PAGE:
Leisure Activities Rife with Loud Noise

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May is Better Hearing & Speech Month; The Hearing and Speech Agency offers simple steps to protect your hearing for a lifetime.

Loud noises aren't just in factories anymore

Although many people report concern about noisy environments, not nearly enough take protective steps.

More than half of Americans suffering from noise-induced hearing loss do not work in noisy jobs, so what are Americans doing in their leisure time that causes hearing loss? May 1 marks the beginning of Better Hearing & Speech Month—a time to assess lifestyle habits that may be contributing to hearing loss, as well as schedule a hearing evaluation for anyone with concerns about his/her hearing.

Approximately 40 million U.S. adults aged 20–69 years have noise-induced hearing loss, a form of hearing damage that results from exposure to loud noise. This could be cumulative harm that developed from exposure over time, or it could occur from one severe incident. Although completely preventable, once it occurs, the damage is permanent. Far from simply being an annoyance, hearing loss can affect almost all aspects of life, including physical health, mental health, employment status and success, social functioning and satisfaction, and much more. Hearing loss can be treated through various technologies and techniques under the care of a certified audiologist, but hearing is never fully restored and the risks should not be ignored.

In addition to the dangers posed by listening to earbuds or headphones at too-loud volumes and for too long, noisy settings are commonplace in today’s society, including Baltimore. Many restaurants are specifically designed to elevate noise levels to make establishments feel more lively. Similarly, some sports stadiums have been built with sound elevation in mind, thought to improve the fan experience and serve as a home-team advantage. Coffee shops, fitness classes, and more all make modern society a collectively loud place.

“Although many people report concern about noisy environments, not nearly enough take protective steps,” said Baltimore-based audiologist Julie Norin. She offers some simple ways that the public can take charge of their hearing health—this month and always:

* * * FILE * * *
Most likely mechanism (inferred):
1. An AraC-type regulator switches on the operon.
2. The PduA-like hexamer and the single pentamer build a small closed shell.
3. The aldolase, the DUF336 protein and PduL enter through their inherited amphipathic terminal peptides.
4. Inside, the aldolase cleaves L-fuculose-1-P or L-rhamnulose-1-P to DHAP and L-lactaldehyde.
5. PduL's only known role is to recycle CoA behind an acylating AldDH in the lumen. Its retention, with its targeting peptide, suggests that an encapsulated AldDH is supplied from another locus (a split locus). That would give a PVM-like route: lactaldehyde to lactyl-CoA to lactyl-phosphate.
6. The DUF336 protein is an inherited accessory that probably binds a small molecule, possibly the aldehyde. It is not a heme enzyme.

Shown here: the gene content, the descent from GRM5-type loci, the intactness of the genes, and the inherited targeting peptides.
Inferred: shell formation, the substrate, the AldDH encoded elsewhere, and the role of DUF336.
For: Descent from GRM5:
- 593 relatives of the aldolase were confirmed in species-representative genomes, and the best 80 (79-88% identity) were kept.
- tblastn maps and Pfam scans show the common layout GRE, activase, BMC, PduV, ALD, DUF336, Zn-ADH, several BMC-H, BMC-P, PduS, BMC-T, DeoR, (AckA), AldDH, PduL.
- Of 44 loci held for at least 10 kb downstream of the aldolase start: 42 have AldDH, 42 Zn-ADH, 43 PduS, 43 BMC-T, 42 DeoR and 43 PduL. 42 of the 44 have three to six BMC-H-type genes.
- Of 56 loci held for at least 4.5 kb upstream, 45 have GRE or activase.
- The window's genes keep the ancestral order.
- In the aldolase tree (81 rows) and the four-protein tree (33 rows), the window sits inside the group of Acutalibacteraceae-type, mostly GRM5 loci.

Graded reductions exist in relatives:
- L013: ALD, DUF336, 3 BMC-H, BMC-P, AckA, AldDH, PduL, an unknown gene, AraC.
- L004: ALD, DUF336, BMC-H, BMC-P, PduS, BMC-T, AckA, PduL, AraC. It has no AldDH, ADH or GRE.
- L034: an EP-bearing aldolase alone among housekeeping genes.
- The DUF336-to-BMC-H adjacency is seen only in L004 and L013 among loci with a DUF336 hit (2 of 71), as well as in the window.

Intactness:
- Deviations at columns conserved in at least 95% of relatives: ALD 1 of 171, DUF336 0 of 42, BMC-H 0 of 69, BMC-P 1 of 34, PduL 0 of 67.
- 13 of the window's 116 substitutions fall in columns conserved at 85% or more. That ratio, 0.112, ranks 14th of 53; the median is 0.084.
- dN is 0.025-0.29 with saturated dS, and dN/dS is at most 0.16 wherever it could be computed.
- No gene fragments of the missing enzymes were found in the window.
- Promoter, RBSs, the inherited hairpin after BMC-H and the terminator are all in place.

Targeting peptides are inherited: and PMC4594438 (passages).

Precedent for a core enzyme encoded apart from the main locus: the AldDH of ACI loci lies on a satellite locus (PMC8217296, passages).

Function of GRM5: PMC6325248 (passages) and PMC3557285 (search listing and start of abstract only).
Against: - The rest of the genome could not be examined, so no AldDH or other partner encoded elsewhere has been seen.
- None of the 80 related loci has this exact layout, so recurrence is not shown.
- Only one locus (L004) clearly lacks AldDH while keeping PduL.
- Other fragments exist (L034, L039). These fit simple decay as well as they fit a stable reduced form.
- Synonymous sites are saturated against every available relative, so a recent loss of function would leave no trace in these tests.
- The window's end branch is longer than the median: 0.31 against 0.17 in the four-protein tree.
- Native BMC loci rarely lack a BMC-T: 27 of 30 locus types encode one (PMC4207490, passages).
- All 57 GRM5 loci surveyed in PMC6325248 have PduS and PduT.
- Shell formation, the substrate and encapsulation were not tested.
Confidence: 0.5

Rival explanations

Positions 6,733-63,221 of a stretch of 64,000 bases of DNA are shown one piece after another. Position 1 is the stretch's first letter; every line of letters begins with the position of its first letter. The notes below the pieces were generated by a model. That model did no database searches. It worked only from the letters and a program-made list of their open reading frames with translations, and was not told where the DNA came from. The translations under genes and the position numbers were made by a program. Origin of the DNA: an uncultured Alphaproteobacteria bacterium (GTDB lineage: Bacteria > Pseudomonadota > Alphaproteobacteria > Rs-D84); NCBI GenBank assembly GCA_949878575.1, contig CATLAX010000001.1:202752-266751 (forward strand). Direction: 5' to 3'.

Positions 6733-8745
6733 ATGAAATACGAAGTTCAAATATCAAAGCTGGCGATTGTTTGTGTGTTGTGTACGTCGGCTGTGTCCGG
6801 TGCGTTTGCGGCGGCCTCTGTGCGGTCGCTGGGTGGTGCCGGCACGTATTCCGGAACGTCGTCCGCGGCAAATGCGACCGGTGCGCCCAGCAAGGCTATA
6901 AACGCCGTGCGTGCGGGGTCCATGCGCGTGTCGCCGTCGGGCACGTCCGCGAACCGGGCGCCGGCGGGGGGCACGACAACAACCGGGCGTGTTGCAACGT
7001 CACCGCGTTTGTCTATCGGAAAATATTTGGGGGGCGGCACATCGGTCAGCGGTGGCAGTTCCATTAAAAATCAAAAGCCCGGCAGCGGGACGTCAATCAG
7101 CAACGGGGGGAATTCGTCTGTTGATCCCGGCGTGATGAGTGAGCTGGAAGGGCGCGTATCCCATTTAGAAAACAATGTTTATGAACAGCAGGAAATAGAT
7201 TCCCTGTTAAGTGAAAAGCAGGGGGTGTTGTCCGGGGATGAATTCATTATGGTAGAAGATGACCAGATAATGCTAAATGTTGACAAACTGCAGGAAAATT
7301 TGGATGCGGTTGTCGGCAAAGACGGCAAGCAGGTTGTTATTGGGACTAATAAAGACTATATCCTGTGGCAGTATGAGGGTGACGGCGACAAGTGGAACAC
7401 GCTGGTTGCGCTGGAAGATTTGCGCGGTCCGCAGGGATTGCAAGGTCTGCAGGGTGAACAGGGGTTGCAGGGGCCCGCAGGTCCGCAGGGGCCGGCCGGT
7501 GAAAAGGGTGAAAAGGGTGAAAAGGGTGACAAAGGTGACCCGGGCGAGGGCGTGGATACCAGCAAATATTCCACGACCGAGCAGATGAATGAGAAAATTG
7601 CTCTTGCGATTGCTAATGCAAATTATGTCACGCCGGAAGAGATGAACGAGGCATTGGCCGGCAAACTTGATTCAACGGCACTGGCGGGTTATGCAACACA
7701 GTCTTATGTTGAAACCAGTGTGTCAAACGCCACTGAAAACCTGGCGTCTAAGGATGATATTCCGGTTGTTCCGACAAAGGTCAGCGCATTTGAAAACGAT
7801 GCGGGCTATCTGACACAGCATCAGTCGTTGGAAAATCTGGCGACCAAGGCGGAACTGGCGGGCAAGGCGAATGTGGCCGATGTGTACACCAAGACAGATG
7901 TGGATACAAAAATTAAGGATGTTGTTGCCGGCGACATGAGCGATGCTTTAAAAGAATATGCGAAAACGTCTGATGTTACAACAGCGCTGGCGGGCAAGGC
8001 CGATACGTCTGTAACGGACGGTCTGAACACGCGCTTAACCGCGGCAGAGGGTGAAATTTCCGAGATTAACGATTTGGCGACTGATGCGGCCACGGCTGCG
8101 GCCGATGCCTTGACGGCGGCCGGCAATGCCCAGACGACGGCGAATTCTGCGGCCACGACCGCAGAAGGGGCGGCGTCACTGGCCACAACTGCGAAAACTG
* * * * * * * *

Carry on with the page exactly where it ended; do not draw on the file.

• Wear hearing protection. Earplugs and earmuffs are cheap, portable, and (with a good fit) offer excellent hearing protection. Bring them along when you know you’ll be in a noisy setting. Better yet, keep them on you at all times!
  • Reduce exposure. Take steps to reduce your exposure to noisy settings. Visit noisy establishments during off times, consider quieter settings, and talk to managers if you find the noise level uncomfortable.
  • See a certified audiologist for a hearing evaluation. A recent government report stated that 1 in 4 U.S. adults who report excellent to good hearing already have hearing damage. Many adults don’t routinely get their hearing checked, and even those who are concerned often delay treatment for years. Postponing treatment can have serious medical and mental health repercussions in addition to reducing a person’s quality of life, so visit a certified audiologist if you have any concerns.

“This advice about hearing protection goes for just about everyone, from the youngest of children to older adults, from those with excellent hearing who want to maintain it, to those who already have some hearing loss and don’t want to make it worse,” notes (insert name). “As a society, everyone needs to prioritize hearing protection.”

HASA is offering free hearing screenings and hosting an Open House on Saturday, May 20. The event is free and open to the public, but registration is requred.

If you would like to schedule a hearing evaluation, contact The Hearing and Speech Agency at (410) 318-6780 or hasa(at)hasa.org, or visit http://www.hasa.org.

The Hearing and Speech Agency (HASA) is a private, non-profit organization that provides hearing and speech services, offers an information resource center and advocates for people of all ages with communication challenges. Services include hearing tests, hearing aids, hearing-aid repair, speech-language evaluations and therapy, listening and spoken language services, pre- and post-cochlear implant services, occupational and physical therapy, special education, sign language interpreting, sign-language classes, Deaf awareness seminars, social work, and parent support groups.

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Tammy Black, Director of Development and Communications
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